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For Immediate Release: Aug 28, 2002
Contact: Kirsten Stade (202) 265-7337

National Park Rangers Under The Gun

Nine-Fold Increase in Attacks During 2001


Washington D.C. — Attacks upon and threats against National Park Service rangers, special agents and other law enforcement officers who patrol the nation’s parks, preserves and monuments are rising dramatically, according to new figures released today by Public Employees for Environmental Responsibility (PEER).

The number of threats, harassment and violence towards National Park Service (NPS) law enforcement employees rose a startling 940 percent in 2001, according to agency incident reports obtained by PEER under the Freedom of Information Act. This represents a nine-fold increase from 10 incidents in 2000, to 104 in 2001.

These latest figures come on the heels of the Aug. 9 shooting death of NPS Ranger Kris Eggle, in Organ Pipe Cactus National Monument, as he was assisting U.S. Border Patrol officers track fugitives from Mexico. In a report released in June 2002 by the U.S. Park Rangers Lodge of the Fraternal Order of Police (www.rangerfop.com), Organ Pipe Cactus National Monument was named “the most dangerous park for the second year in a row due to numerous incidents involving drug trafficking, inflow of illegal aliens, and a workforce that is understaffed to safely manage the problem.”

According to the NPS 2001 annual report, park rangers were assaulted 65 times, and park police were assaulted 39 times. Only some of these incidents were summarized in the NPS’ “Morning Report.” These accounts, which represent a fraction of total assaults, offer details about incidents in which NPS rangers and other law enforcement officers have been shot, run over and beaten.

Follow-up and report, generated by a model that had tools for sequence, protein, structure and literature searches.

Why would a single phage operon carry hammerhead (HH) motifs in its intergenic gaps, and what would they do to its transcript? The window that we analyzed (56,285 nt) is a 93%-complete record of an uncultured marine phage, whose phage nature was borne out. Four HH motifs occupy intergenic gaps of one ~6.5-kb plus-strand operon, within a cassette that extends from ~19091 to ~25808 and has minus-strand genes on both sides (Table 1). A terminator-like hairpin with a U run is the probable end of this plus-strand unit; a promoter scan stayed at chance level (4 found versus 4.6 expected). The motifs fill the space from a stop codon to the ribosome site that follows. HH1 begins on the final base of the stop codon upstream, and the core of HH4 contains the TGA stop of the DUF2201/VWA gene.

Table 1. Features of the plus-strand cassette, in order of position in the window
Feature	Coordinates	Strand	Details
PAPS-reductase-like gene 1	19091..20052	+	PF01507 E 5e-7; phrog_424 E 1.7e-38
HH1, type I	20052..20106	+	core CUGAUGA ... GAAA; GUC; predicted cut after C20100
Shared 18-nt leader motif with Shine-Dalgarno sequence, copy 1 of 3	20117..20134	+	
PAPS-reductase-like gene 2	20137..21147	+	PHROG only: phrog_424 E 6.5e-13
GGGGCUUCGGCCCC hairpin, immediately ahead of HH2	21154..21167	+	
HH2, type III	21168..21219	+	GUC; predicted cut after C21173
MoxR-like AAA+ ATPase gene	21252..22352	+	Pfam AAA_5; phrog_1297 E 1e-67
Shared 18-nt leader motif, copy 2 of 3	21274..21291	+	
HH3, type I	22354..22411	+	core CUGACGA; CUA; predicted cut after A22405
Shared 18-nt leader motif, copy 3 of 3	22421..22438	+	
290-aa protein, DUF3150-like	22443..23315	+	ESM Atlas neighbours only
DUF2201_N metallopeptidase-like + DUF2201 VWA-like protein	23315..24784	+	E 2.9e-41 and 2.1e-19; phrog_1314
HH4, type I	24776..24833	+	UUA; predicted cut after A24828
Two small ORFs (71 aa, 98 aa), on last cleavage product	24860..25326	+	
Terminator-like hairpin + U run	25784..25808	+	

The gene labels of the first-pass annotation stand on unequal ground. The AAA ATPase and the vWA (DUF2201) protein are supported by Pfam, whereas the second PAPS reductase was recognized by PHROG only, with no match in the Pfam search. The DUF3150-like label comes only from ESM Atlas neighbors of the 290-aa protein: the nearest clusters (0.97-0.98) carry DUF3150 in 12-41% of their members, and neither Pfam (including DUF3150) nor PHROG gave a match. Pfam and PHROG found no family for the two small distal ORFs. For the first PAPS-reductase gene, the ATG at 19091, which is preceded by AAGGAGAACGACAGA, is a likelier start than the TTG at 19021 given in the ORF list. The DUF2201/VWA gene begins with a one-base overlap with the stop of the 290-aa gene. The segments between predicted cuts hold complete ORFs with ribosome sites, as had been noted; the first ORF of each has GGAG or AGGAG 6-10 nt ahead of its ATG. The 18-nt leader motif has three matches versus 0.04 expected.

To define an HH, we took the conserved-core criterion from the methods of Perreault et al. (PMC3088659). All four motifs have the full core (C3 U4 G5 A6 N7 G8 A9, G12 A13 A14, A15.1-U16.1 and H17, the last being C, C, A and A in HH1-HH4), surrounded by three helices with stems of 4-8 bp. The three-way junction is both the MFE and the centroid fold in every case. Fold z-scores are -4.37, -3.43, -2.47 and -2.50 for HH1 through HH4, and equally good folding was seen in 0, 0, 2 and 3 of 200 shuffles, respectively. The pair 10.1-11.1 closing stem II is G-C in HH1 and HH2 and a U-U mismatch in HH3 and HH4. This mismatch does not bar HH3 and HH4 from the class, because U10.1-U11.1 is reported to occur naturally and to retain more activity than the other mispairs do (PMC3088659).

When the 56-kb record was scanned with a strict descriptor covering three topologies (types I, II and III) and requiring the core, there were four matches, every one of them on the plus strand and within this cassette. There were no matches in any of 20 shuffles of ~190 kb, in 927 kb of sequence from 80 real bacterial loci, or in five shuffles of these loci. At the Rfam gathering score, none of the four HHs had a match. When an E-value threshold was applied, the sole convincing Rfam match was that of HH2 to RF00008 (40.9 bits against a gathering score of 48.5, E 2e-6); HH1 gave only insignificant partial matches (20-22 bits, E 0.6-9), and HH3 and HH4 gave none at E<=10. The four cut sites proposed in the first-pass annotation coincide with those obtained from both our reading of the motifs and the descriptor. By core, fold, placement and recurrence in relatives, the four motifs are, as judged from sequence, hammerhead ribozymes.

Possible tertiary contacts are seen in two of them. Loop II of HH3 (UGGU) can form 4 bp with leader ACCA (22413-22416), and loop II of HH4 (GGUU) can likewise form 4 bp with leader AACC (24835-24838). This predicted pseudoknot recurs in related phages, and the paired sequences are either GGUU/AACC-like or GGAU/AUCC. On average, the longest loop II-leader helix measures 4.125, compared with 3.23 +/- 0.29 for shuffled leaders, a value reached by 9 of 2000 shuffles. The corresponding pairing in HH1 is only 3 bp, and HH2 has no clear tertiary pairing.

Despite rising numbers of attacks, NPS —unlike other federal land management agencies — lacks any mechanism for tracking threats or acts of violence against any of the nearly 20,000 full-time permanent non-law enforcement NPS employees. According to an official in its Ranger Activities Division, NPS claims it lacks funds to track incidents at all of the national parks and that such a system may be several years off.
“The Park Service keeps better track of popcorn sales from its concessionaires than it does monitoring hazards to its own work force,” said Eric Wingerter, PEER’s National Field Director. “This most recent loss of a 28-year old Park Ranger underscores growing danger facing all Park Service employees this Labor Day.”


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See the acts of violence against NPS employees
PEER will soon be releasing violence compilations for other federal land management agencies including the Bureau of Land Management, U.S. Forest Service and Fish & Wildlife Service